helioseismology


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helioseismology

(heel-ee-oh-sÿz-mol -ŏ-jee) The study of the Sun's interior by the observation of solar oscillations. First detected in 1960 by measuring the Doppler shifts of Fraunhofer lines at several points on the Sun's disk away from active regions, the oscillations are a rhythmic rise and fall of regions of the solar photosphere (and lower chromosphere) several thousand kilometers in diameter. They have periods of about 5 minutes, persist at any one point for less than half an hour, and attain a maximum velocity of about 0.5 km s–1. The oscillations are thought to be produced by the outward propagation of low-frequency sound waves, generated by turbulence in the convective zone, and by analyzing their global occurrence over an extended period of time it is possible to build up a picture of the Sun's interior.

Instruments used in the observation of solar oscillations include grating spectrographs, narrow-band interference filter (Lyot filter, magneto-optical filter, or Fabry–Perot interferometer) imagers, and Michelson interferometers – notably the Fourier tachometer, which has been in operation since 1985 and simultaneously monitors more than 60 000 points on the Sun's disk. A number of collaborative programs have been established, for example the Global Oscillations Network Group (GONG). These are complemented by continuous monitoring by the helioseismology instrument on ESA's spacecraft, the Solar Heliospheric Observatory (SOHO).

helioseismology

[‚hē·lē·ō‚sīz′mäl·ə·jē]
(astronomy)
The analysis of wave motions of the solar surface to determine the structure of the sun's interior.
References in periodicals archive ?
Helioseismology has been extended to the outer solar atmosphere [214,369-372].
"Preliminary indications are that the standard solar model, to the accuracy to which we need it for predicting neutrino fluxes, has been verified as far as helioseismology can presently go," Bahcall says.
The study of the inner sun, known, as helioseismology (SN: 7/2/88, p.8), has measured its rotation rate about 80 percent of the way to the center, Rust says, and the Analyzer might add another 10 percent.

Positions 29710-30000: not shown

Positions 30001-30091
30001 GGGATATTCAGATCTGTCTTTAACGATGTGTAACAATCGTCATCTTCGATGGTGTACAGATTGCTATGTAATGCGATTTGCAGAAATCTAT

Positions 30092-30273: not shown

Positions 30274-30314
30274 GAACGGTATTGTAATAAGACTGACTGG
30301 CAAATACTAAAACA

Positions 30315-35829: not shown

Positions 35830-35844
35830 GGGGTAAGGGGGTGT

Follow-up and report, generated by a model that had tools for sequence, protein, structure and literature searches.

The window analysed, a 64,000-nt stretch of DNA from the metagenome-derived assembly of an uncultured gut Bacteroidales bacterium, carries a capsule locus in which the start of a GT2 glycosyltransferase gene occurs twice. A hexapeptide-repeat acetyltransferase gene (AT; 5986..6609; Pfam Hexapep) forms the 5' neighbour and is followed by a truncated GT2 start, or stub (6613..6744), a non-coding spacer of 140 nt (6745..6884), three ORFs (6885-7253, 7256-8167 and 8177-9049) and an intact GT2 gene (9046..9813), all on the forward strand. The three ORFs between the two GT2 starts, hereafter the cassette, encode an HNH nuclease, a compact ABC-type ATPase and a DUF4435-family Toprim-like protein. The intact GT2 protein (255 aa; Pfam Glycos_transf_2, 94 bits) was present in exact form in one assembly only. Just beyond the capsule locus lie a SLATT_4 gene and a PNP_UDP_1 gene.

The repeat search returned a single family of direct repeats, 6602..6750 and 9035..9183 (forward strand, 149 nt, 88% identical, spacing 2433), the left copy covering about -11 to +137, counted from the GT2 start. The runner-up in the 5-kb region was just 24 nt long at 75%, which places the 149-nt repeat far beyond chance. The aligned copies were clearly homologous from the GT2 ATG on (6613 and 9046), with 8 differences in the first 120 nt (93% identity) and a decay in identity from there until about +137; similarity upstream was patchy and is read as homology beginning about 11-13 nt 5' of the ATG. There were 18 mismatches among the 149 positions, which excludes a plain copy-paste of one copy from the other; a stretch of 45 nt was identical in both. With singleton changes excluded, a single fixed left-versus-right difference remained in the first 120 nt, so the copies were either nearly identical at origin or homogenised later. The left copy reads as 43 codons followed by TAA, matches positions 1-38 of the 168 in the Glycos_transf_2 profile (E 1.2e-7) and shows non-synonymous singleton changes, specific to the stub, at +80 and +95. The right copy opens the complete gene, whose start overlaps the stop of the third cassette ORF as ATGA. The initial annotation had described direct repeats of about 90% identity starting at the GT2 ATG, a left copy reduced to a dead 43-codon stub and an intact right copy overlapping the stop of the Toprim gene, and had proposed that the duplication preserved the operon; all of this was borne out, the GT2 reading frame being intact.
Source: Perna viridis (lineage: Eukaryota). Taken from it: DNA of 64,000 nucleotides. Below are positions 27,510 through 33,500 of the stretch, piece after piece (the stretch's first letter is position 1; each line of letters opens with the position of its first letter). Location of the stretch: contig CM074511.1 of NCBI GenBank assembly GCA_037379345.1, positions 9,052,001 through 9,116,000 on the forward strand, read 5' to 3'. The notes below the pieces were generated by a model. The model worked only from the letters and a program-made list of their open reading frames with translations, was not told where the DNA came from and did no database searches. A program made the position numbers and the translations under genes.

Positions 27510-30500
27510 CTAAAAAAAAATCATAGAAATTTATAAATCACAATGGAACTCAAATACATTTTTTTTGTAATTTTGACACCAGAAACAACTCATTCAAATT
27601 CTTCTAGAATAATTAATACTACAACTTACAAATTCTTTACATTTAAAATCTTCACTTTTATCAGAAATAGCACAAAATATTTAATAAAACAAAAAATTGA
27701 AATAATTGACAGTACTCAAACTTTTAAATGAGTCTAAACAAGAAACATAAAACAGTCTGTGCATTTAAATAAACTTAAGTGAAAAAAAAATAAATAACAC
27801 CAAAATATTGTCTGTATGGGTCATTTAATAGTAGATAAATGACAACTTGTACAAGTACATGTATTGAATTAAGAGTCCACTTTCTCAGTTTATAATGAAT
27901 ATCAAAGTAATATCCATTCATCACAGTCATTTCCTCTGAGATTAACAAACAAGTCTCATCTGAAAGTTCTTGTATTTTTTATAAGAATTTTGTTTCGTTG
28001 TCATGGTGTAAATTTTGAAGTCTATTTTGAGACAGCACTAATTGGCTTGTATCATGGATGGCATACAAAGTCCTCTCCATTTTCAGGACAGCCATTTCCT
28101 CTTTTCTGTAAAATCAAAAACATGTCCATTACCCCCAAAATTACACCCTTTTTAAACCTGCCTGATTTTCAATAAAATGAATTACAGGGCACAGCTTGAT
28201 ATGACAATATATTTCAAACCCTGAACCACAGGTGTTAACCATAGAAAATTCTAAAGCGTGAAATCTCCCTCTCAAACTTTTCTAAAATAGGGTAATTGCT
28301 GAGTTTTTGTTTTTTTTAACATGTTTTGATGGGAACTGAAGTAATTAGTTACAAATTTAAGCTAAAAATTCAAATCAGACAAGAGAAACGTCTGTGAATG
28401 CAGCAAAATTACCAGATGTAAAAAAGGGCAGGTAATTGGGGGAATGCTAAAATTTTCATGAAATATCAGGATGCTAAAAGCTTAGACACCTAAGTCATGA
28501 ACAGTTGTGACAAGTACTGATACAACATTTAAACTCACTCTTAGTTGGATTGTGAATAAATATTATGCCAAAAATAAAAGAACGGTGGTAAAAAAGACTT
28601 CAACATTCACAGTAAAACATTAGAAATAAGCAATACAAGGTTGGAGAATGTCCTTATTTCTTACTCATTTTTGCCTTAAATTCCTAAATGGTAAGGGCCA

Gough had already suggested that helioseismology could be used to help establish fractional abundances: " Thus one might anticipate inferring the hydrogen-helium abundance ratio by comparing the measured values with a sequence of model solar envelopes" [19, p.
Papers are grouped in sections on instrumentation, convection and sunspots, magnetism of quiet sun and active regions, waves and shocks, chromospheric heating, coronal heating, local helioseismology, emerging flux, reconnection, flares, coronal mass ejections, and solar wind.
Powerful solar observatories in space such as Yohkoh, the Solar and Heliospheric Observatory, (SOHO), and the Transition Region and Coronal Explorer (TRACE), along with new techniques in helioseismology, are giving astronomers the best-ever views of our home star.
Helioseismology, as this relatively new discipline is called, requires large numbers of precise observations made continuously for days at a time.
Supportively, helioseismology reveals that sound waves travel much faster through sunspots than through normal photospheric matter [91,92].
Now we can observe deep layers right down to the core using helioseismology, the study of the super-low-frequency sound waves that course through the Sun and subtly manifest themselves on its surface.
Helioseismology demonstrates that the Sun acts as a resonant cavity [53].
The fundamental papers include Edwin Hubble's study of "spiral nebulae," Grote Reber's pioneering foray into radio astronomy, Fred Hoyle's explanation of nucleosynthesis inside stars, George Abell's study of galaxy clusters, Arno Penzias and Robert Wilson's discovery of the cosmic background radiation, and Roger Ulrich's presentation on helioseismology.
Currently, much of the support for the gaseous models of the Sun arises from helioseismology [15] or the study of solar quakes on the surface of the Sun.